I'm sure all of you must have heard about the eSports online betting scandals over the past few months. I am talking about all those skin betting sites that had to shut down earlier this year. Despite some of them are still up and running, this eSports betting scandal was HUGE and it seems as though it pulled up another one from last week. If you haven't heard, HERE is a detailed article about this. It's related to Valve's cease and desist letters towards all CS:GO betting (skins) sites that had to shut down afterwards.
What is this eSports betting scandal all about?
Now, in UK 2 guys are getting sued because of setting up illegal online eSports betting system. FUTGalaxy owner Dylan Rigby and a well-known Youtube caster Craig Douglas are in the focal point of all this. They exploited FIFA's trading ecosystem and developed a method of players betting in-game currency (FIFA Coins and gold) on real life matches. For example, they could bet on Premiership matches, Champions League matches, La Liga matches and so on. This was, apparently, illegal because they are now facing charges due to providing facilities for gambling, advertising unlawful gambling, and inviting children to gamble. This, allegedly, violated the Gambling Act of 2005 and the two of them might end up in big trouble.
What exactly did they do?
In FIFA, the most important game mode is Ultimate Team. There, players aim to gather the best possible team by buying players packs (a pack of “cards” similar to those Panini ones, which contain various players and consumable items) with FIFA coins or gold so they can win more trophies and whatnot. There's also a trading system that allows players to trade players for in-game currency. This is basically the base of those 2 guys' illegal gambling operation. They had a platform on which people could bet that same in-game currency (let's associate this with skins for CS:GO betting as an example) which resulted in both of them in custody. Simple as that.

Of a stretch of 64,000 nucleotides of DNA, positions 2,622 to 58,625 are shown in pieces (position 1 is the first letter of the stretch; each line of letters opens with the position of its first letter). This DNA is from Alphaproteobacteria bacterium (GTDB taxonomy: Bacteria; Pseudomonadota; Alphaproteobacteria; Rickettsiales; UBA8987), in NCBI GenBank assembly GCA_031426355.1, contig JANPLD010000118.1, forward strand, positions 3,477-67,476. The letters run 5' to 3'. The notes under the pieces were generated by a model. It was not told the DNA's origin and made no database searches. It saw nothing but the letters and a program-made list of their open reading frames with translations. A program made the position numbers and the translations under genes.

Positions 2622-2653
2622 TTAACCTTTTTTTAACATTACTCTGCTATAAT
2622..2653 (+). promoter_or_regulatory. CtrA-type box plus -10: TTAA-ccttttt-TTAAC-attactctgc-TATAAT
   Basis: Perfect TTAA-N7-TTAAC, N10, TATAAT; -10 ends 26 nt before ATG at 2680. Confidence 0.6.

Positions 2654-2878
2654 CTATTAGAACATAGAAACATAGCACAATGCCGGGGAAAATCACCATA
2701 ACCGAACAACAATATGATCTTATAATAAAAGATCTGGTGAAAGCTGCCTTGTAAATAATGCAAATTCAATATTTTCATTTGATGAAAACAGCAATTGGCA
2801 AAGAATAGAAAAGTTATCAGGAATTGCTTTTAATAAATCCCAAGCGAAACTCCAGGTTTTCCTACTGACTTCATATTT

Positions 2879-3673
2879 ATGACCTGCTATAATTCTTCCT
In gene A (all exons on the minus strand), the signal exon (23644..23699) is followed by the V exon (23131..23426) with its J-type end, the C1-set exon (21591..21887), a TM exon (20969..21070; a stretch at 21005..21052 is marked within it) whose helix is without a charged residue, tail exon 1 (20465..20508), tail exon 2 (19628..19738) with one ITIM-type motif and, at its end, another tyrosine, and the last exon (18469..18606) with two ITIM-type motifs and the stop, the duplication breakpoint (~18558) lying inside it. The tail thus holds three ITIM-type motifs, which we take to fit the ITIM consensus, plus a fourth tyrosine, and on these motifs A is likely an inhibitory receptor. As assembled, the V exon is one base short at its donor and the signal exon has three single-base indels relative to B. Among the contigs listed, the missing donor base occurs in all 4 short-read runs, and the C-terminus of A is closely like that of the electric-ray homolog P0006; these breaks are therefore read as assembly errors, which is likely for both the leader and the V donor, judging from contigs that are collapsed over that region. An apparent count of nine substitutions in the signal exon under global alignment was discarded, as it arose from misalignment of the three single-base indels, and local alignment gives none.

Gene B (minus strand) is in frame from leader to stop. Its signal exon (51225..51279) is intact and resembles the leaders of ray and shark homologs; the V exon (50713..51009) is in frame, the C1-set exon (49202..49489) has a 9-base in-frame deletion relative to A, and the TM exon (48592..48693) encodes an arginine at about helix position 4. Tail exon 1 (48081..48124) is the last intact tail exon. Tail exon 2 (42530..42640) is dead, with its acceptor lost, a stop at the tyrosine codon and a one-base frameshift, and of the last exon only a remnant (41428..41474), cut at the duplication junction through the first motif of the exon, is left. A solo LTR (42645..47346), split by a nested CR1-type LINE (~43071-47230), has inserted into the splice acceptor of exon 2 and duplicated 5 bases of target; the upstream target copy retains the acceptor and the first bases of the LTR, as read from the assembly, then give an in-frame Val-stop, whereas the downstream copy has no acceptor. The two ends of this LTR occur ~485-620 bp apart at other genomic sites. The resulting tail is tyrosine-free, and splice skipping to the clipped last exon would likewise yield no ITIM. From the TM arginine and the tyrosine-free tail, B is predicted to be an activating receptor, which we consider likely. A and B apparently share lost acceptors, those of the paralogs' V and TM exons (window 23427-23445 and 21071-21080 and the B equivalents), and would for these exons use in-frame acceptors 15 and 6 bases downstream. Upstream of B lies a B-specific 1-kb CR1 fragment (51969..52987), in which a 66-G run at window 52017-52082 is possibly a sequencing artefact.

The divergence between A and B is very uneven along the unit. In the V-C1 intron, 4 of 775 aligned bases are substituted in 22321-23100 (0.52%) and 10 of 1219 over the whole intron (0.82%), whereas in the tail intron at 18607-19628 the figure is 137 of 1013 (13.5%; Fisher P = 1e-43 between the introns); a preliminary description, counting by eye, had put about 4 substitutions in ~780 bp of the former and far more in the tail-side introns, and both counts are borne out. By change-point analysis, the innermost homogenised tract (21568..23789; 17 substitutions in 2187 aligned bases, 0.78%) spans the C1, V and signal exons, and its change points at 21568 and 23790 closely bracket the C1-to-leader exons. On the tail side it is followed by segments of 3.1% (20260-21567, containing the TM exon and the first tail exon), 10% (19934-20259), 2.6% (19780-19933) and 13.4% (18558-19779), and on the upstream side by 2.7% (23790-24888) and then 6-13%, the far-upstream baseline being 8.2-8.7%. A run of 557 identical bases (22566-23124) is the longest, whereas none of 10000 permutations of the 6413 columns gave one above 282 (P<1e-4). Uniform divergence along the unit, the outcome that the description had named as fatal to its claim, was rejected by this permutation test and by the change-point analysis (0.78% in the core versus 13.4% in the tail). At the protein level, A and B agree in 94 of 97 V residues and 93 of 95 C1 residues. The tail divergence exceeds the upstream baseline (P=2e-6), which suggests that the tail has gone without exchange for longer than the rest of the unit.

How will this reflect on the eSports industry?
After the events of around 2 months ago, no one can tell where will this new eSports betting scandal lead us. It could lead to similar cases in many countries with governments taking a firm stance against online gambling. Truth be told, most of their gambling laws are ancient and are bound to change in the upcoming years because they are way too old to be taken into consideration with today standards.
But then again, FIFA betting industry is not so tightly connected to CS:GO and MOBA games. This means that there will be no consequences for anyone who is betting online in this genre of video games. In other words, online betting on games such as League of Legends and DotA II will probably not be affected by this. Which is, of course, a great thing to hear! It means our favorite betting markets are safe and sound!
Any news about the CS:GO skin gambling sites after those 2 waves of cease and desist letters?
Surprisingly. There has been no news about this scandal over the past few weeks. I expected at least drops but not a single thing. Nothing…
Valve's official statement regarding some of those sites still running is still due to come. Perhaps they are in the process of forming new cease and desist letters as we speak? Who knows? One thing is for sure, Valve is surely going to strike back at them. After all this media exposure these eSports betting scandals have enjoyed, Valve is bound to make a move and stop illegal online gambling once and for all. At least when it comes to their own platform – Steam.